The dilution of TiCl4 with DI water was carried out in a 4-neck 3 liter round bottom glass flask. A greased glass rod with a TeflonŽ coated paddle was inserted into the middle neck and attached to a lab motor. A greased condenser was inserted into a side neck and fitted with a rubber septum at the top through which a syringe was inserted to provide a nitrogen gas purge during the reaction so as to keep air moisture in the glass flask to a minimum. A TeflonŽ taped dropping funnel, with a side arm, was inserted into a third neck, which would later be charged with TiCl4 solution and used to feed that solution into the DI water contained in the glass flask. A greased thermometer was inserted into the small side neck of the flask so that the temperature during the reaction could be monitored.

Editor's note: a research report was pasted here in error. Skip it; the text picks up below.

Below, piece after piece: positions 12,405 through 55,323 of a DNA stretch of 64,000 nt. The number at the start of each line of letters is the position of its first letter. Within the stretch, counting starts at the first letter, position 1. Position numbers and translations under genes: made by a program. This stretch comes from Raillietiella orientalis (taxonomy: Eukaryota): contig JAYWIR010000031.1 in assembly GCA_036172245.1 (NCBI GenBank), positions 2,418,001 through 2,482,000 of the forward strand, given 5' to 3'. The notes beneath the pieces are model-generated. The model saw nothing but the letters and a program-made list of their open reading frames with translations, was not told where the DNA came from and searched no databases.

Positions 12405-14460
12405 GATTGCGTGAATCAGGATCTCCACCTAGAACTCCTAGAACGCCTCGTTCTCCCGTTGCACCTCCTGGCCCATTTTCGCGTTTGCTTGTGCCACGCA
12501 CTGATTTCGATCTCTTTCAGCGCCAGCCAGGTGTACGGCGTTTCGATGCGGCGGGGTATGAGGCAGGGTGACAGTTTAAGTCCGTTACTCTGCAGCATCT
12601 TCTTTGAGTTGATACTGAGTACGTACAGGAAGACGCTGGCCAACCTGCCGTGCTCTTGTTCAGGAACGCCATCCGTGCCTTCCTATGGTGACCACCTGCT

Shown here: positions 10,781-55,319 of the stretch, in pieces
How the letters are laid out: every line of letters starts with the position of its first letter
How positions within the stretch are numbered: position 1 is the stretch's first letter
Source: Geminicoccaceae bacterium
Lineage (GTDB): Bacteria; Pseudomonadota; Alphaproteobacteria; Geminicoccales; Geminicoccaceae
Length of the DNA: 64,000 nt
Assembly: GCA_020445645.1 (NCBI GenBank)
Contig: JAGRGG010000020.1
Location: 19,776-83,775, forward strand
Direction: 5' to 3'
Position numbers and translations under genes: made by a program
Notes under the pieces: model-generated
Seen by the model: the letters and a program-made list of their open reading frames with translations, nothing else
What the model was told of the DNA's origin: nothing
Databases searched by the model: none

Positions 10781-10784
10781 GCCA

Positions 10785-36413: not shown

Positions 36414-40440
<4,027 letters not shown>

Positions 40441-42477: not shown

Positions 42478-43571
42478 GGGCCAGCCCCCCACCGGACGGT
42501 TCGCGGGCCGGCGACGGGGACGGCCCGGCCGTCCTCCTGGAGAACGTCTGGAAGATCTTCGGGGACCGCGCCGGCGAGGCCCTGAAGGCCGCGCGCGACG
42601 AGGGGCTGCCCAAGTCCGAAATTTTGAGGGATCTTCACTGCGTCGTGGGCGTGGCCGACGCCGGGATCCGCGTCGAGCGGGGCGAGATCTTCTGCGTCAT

The glass flask was secured by clamps to a pole and lowered about halfway into a plastic bucket containing ice and water. 1000 grams of chilled DI water was charged to the glass flask. Agitation of the water and a nitrogen gas purge were both started. The one liter glass bottle containing 99.9% TiCl4 solution, obtained from Aldrich Chemical Company Inc. (cat. #20,856-6), had been chilled on ice for about 30 minutes before opening so as to minimize the fuming. When the chilled bottle was opened, the TiCl4 solution was poured into the dropping funnel with the aid of a glass funnel. Approximately 450 grams of TiCl4 solution was added and the dropping funnel was then loosely capped by inserting a rubber septum. The septum was not used to seal the funnel opening but only close it up and allow the incoming nitrogen gas purge a place to escape. The dropping funnel was then opened and the TiCl4 solution was slowly added to the chilled water in the glass flask while maintaining agitation. The rate of addition was varied so as to maintain a liquid temperature in the flask between 10 and 40° C. As expected, strong fuming in the flask from the TiCl4 and water reaction resulted in a thick cloud of vapor, however, this fuming was contained mainly in the flask as the chilled water condenser functioned properly and only a trace amount of vapor was venting from the loosely fitted rubber septum at the top of the dropping funnel.